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  103rd BOSTON MARATHON

This time, he is second to none

A determined Chebet goes it one better

By Joe Concannon, Globe Staff, 04/20/99

here are times when the marathoner has to hide the disappointment, regroup in the lonely times when he is training, grit his teeth, and say to himself, ''Second place isn't all that bad, but what about first?'' Joseph Chebet discovered in his own way that, to paraphrase Thomas Paine, these are the times that try men's soles.

How else to exult than with a monumental triumph in yesterday's 103d running of the Boston Marathon? After all, he was second in the New York City Marathon in 1997. He was second in Boston last year, by three seconds, to fellow Kenyan Moses Tanui. He was second in New York last year by three seconds to countryman John Kagwe. Two major races, six seconds away from two victories.

This is what made yesterday very special, in a personal sense, as Chebet seized the lead from Ecuadoran Silvio Guerra with a 4:43 mile just before they headed off Commonwealth Avenue in Brighton onto the downhill stretch on Chestnut Hill Avenue for the final 4 miles of the 26-mile-285-yard course.

By the time Chebet reached the finish line by the Boston Public Library in the Back Bay, there was no change in the order. With defender Tanui dropping out at virtually the same section where Chebet made his decisive move, Chebet ran to victory in 2 hours 9 minutes 52 seconds on an afternoon that saw bright sunlight and favoring breezes at the start give way to a twisting wind that slowed times as the runners headed home.

Chebet's time was tied for only the 38th-fastest in the race's history, but he won the world's oldest continuing marathon and $80,000. Guerra ($40,000), who had threatened to run away and hide before reality set in, was second in 2:10:19. Frank Pooe ($22,500) of South Africa, an 11th-hour entry running in his first race outside his homeland, trailed in third in 2:11:37, followed by countryman Abner Chipu ($18,000) in 2:12:46 and Kagwe ($14,000) in 2:13:58.

Chebet, who ran 2:07:37 a year ago, was content to sit in a shifting pack in the early miles.

''I thought it was a bit fast at 5 kilometers,'' he said of the 15:22 pace established by Ethiopia's Tesfaye Bekele (20th, 2:21:20) heading through Ashland.

It remained for Kenyan Kenneth Cheruiyot to take it out through the next 11 miles in his dutiful rabbit's role before dropping out at the 17th mile. This is where Guerra moved to the front, opening a lead of nearly 150 yards by the time he raced through 30 kilometers in 1:32:37. It was becoming time for Chebet to make his move.

''I said, `I am not going to make the same time I did last year,''' said Chebet. ''I tried to talk to my competitors to tell them to push the pace, but they were tired. I saw my fellow Kenyans were not going to try to catch up. I said, `Maybe I should go. If not, maybe I can be second.'''

The bottom line was that Chebet had to make his moves through the Newton hills to avoid a fourth straight second place in major marathons.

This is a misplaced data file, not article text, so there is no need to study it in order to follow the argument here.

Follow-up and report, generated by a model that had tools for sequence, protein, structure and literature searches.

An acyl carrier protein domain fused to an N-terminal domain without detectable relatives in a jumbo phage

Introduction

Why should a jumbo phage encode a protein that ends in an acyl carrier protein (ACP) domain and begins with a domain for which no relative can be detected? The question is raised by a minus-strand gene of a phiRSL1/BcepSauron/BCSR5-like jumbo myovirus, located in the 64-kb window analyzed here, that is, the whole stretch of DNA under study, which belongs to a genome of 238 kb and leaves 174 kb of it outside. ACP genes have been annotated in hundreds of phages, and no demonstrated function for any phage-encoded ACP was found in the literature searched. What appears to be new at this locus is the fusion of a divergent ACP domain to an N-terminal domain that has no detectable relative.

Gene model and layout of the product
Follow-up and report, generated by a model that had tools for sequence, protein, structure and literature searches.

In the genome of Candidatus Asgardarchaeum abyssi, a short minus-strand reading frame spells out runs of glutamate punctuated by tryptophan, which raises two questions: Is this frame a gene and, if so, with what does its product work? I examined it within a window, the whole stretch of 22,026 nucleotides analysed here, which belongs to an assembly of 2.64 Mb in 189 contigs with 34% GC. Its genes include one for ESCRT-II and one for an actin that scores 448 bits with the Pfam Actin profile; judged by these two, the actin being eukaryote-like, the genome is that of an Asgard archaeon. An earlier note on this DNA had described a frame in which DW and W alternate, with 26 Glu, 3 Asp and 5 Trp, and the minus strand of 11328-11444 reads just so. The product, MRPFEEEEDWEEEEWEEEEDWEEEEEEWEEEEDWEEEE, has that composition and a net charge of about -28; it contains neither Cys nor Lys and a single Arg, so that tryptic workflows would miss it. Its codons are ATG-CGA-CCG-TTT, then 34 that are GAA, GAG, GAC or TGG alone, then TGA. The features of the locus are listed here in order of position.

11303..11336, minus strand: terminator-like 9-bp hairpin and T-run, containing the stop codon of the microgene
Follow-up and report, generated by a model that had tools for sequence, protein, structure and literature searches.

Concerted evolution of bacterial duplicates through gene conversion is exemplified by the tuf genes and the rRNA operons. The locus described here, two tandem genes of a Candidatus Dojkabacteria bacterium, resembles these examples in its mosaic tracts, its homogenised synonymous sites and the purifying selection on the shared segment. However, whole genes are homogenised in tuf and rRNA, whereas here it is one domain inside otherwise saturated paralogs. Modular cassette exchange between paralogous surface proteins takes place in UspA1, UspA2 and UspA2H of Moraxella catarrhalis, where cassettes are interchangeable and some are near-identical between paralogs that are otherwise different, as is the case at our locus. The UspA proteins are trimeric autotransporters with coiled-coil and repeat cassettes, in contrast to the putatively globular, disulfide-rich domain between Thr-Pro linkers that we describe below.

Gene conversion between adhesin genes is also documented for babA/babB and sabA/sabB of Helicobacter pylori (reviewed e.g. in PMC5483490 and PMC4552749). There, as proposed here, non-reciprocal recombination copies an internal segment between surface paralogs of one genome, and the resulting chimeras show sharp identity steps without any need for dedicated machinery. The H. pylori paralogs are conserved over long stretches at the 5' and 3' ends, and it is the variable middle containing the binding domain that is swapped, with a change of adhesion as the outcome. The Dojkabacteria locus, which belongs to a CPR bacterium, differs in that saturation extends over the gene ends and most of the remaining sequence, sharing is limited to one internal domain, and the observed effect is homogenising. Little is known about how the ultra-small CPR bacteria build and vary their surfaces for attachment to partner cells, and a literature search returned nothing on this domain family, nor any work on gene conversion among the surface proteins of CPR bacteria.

''I pushed it hard,'' said Chebet.

This left the pained Guerra in pursuit.

''The first half of the race was not too fast,'' said Guerra, who made his marathon debut in Tokyo (2:14:02) in 1997. ''That's why I decided to go out after 25 kilometers. I was feeling good. To win a race, you have to take risks.

''I was feeling great and strong, but I'm very new to marathons and I'm just trying to learn how to run. That's why I left them.

''I tried to win the race, but in a marathon anything can happen. When I left, I just wanted to make a move and I didn't know who was behind me. I turned back, and nobody was there. I pushed hard, but after 20 miles I started to get blisters so I slowed down.''

Pooe found Boston to be ''a tough course'' for which you ''have to be ready mentally and physically.''

''I felt to run well against the Kenyans you have to be clever and save your energy to finish in a good position,'' he said. ''I wasn't feeling too good in the last miles, so I dropped back on my pace. I had to slow down. I think I'll come back and do it the next time.''

This was a race of attrition. Bill Rodgers dropped out at Heartbreak Hill in his bid to set an American record for 50-and-over runners.

''I'm disappointed,'' he said, ''but I was struggling.''

John Campbell of New Zealand, who had set a masters record (40 and over) with his 2:11:04 in 1990, also dropped out.

Lynn Jennings of Newmarket, N.H., was never a factor in her official marathon debut at age 38, finishing 12th in 2:38:37.

It remained for Chebet and the indefatigable Fatuma Roba of Ethiopia (2:23:25) to take the final race of the 1900s and put it away with comfortable margins of victory. There was no Tanui/Chebet duel to the finish on Boylston Street.

For the record, there were negative splits in the men's race - Chebet passed through the half-marathon in 1:05:29, the second half in 1:04:23 - - which doesn't happen often in Boston. But when you've been second once too often, you have to turn it on.

''I was running second because of the way he was trying to push the pace,'' said Chebet of the tactics employed by Guerra. ''I was running by myself and the guy from South Africa and I didn't know if we would catch up with him.''

He did. And he won.

This story ran on page F02 of the Boston Globe on 04/20/99.
© Copyright 1999 Globe Newspaper Company.

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